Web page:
Several presentations showed the capability of molecular techniques to provide exquisite anatomic imaging. Alan Koretsky, National Institute of Neurological Disorders and Stroke, in “Molecular Imaging of Functional Architecture in the Brain with MRI,” explored the roles of two molecular and cellular imaging agents, manganese-enhanced MR particles and micron-sized iron oxide particles, in defining brain microarchitecture in the mouse. Magnetically enhanced MR particles enter cells on voltage-gated calcium channels and provide information related to calcium influx, which allows them to depict cells in areas of brain activation; potential areas of activation include learning, memory tasks, motor activity, and sensory activity. These particles can also migrate along neuronal pathways, allowing delineation of neuronal pathways on MR images. These features might be used in combination; for example, by showing areas of brain activation and then depicting the neuronal pathways connecting the region of activation to other brain regions. Finally, these particles allow finely detailed depiction of brain cytoarchitecture (e.g., various layers of cortex) of the mouse brain with 100-μm resolution on a high-field MR scanner. Iron oxide particles are also useful for cell tracking. For example, important cell pathways (e.g., olfactory) in the mouse could potentially be outlined using this tracer. The implications for increased understanding of neurologic and psychiatric disorders in the human brain, initially through animal models and perhaps later in humans, are clear.

A revealing seminar, “Research and Industrial Collaborations,” included short presentations by representatives of three major instrument vendors: Siemens, GE Healthcare, and Philips. These were followed by a discussion by a panel of experts comprising nearly a dozen individuals representing contrast agent, pharmaceutical, and biotechnology concerns who responded to queries by audience members. Many of the major themes are of interest to all imaging specialists. The evolution of imaging techniques into the functional or molecular realm clearly is continuing, however, not to the detriment of anatomic imaging. In fact, anatomic-based techniques such as CT and even MRI continue to show intrinsic value. This is particularly evident in the realm of stand-alone PET scanners, which have been almost completely replaced by combined PET-CT. Other multimodal approaches—for example, CT-SPECT—have significance in both human and animal imaging. A second major theme was new contrast agents or “molecular probes” that will show greater specificity in binding. These probes are blurring the traditional borders among instrument vendors, contrast companies, and pharmaceutical companies, yielding new collaborations among these once separate entities. Moreover, many probes will have the capability of delivering drugs, making the distinction among imaging agents/instruments and therapeutic agents less well defined.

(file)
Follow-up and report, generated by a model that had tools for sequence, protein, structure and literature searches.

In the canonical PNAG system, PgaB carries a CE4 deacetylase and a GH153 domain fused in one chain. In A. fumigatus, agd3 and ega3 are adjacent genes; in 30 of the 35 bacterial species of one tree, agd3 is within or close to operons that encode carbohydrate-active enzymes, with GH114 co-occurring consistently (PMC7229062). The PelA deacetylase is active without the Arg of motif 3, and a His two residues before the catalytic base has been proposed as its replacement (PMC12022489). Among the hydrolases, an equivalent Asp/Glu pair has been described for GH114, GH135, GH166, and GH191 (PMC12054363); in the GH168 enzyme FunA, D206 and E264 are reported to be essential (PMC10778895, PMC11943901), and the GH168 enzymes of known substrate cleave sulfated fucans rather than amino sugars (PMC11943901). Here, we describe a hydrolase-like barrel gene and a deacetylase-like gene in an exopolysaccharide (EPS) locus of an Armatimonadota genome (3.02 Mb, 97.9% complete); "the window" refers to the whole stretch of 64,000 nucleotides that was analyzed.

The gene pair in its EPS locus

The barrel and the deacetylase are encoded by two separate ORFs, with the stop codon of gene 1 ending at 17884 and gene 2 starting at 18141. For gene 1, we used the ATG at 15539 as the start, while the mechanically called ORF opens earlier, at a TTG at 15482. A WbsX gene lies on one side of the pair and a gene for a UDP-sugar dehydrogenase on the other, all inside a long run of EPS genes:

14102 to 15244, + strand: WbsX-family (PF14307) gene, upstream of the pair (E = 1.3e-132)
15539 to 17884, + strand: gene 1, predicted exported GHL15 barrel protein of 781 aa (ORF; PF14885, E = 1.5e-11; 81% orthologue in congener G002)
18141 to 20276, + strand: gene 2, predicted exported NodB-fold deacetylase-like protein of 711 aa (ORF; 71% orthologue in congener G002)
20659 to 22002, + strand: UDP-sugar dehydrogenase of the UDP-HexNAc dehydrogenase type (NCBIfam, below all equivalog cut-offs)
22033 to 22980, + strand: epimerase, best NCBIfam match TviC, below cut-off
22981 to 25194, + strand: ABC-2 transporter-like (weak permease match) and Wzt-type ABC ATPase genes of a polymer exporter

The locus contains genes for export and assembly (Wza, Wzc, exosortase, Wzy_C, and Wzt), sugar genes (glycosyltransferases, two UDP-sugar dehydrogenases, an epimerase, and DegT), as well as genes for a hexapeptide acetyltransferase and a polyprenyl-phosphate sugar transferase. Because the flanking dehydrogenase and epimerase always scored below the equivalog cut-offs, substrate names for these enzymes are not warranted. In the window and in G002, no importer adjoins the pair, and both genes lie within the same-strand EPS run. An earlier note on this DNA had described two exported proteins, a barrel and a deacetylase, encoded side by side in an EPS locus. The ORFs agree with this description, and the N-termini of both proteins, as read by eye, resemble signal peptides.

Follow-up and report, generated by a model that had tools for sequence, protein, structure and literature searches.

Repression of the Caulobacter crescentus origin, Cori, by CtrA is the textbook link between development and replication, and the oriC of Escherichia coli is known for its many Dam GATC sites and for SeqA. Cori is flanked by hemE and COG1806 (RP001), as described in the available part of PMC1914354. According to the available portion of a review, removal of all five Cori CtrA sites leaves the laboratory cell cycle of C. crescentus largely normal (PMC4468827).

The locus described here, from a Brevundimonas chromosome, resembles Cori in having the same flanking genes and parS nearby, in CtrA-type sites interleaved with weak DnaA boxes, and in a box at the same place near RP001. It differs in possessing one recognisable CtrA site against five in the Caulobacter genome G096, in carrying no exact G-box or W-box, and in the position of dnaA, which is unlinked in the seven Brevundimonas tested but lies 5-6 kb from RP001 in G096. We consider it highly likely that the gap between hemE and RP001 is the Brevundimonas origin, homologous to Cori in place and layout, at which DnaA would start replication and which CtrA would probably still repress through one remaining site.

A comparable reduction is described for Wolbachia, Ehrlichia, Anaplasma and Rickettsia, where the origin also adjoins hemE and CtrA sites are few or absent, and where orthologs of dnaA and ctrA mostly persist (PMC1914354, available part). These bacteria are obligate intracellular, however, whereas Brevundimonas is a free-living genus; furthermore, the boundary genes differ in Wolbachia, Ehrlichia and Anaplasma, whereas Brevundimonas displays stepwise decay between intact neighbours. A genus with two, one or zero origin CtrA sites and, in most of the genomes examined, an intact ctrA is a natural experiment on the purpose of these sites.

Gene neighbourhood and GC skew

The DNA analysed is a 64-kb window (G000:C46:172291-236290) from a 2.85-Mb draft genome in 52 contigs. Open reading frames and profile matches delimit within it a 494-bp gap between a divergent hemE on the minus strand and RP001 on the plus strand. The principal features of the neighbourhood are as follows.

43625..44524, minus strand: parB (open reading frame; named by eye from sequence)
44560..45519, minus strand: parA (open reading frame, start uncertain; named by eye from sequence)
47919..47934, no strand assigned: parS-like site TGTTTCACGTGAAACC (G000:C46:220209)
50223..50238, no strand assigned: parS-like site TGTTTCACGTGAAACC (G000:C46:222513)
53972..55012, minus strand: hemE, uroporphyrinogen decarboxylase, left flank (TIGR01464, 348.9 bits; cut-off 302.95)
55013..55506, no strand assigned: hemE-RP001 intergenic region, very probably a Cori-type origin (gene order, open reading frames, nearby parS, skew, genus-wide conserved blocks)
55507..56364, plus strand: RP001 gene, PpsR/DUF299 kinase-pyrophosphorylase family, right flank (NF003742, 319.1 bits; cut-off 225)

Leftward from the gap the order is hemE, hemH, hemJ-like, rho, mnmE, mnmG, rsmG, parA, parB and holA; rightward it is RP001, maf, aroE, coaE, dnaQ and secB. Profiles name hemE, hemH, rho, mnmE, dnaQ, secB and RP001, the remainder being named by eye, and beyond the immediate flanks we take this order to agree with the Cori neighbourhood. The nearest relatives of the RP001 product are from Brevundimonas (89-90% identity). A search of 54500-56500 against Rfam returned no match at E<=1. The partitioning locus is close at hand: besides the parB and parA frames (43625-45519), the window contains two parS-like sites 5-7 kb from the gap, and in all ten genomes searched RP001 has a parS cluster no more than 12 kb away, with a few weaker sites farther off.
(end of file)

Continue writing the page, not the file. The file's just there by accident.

Several developers introduced new instrumentation. Philips and Siemens showed hybrid CT-SPECT systems that combine the anatomic and functional capabilities of both traditional approaches. For small-animal imaging, GE Healthcare exhibited the first volumetric flat-panel CT system. This instrument can image in the microscale and allows acquisition times as rapid as 1 sec in perfusion mode; this will open the world of high-temporal resolution perfusion imaging that was unavailable on microCT systems. This technology highlights the effort of all major instrument manufacturers to provide capabilities that range from “mouse to man.” Optical imaging, an area of nontraditional imaging that is becoming prevalent in molecular laboratories, uses techniques that range from fluorescence to bioluminescence. Although not currently practical in humans, these techniques can be used to determine whether genes have been incorporated into the genome, are expressing proteins, or are exhibiting features of specific phases of the cellular cycle. Although unlikely to become everyday fixtures in most radiology departments in the foreseeable future, these systems will aid in the development of agents that will become commonplace in the clinical setting.

The role of molecular imaging is increasingly featured at many mainstream radiology and nuclear medicine meetings. The next opportunity for a dedicated look at molecular imaging will be the fourth meeting of the SMI, which will be held in Cologne, Germany, on September 7-10, 2005, and will likely provide new insights into this exciting field.

Address correspondence J. M. Provenzale.

References
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1. Society of Molecular Imaging Web site. Available at: www.molecularimaging.org. Accessed February 19, 2005 [Google Scholar]
2. Zhuang ZP, Kung MP, Wilson A, et al. Structure-activity relationship of imidazo[1,2-a]pyridines as ligands for detecting beta-amyloid plaques in the brain. J Med Chem 2003; 46:237-243 [Google Scholar]

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Getting Small Is Suddenly Very Big: Review of the Proceedings of the Third Annual Meeting of the Society for Molecular Imaging

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American Journal of Roentgenology. 2005;184:1868-1872. 10.2214/ajr.184.6.01841868